14. We cannot accept a complaint from someone who is not a student (or former student).

14.1. Usually, the best person to bring a complaint to us is the student themselves: they understand their situation better than anyone else. But a student may appoint another person to represent them in their complaint for example a students’ union representative, provided they give us clear permission to communicate with the representative. The student must make sure that their representative knows enough about their complaint, understands their wishes, can act in their best interests, and will be able to keep them fully informed throughout the process. Where a representative is appointed, we will normally correspond only with that person until our review is concluded.

14.2. If a group of students has a complaint about the same issues, they may appoint one of their group to represent the whole group.

14.3. Our processes are informal and it is not usually necessary to use a lawyer. Often when lawyers are involved the process can take longer and become legalistic.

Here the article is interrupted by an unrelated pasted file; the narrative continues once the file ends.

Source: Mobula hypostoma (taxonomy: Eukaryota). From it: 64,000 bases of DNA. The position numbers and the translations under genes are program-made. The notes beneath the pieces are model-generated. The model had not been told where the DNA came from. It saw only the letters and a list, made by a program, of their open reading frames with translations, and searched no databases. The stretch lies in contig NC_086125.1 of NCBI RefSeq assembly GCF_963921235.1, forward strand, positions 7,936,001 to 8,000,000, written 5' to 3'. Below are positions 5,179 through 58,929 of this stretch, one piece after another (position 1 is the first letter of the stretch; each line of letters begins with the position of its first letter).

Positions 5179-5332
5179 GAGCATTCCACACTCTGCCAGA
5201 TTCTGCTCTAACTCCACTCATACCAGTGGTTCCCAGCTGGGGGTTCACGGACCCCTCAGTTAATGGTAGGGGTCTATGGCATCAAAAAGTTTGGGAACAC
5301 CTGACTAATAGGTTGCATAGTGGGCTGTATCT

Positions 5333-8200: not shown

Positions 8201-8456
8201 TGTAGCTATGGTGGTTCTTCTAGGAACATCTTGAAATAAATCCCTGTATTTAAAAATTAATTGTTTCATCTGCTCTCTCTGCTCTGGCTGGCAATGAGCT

14.4. We cannot review a complaint concerning a student who has died unless the Complaint Form was received before their death. The Higher Education Act 2004 (section 12) says that a complaint must be “made by a person…as a student or former student”. That means that the student themselves must make the complaint to us. This is because we need to be sure that the student intended to pursue their complaint. If a student’s personal representatives ask us to, we can continue with a review of a student’s complaint after they have died, but only if we received the student’s Complaint Form during their lifetime.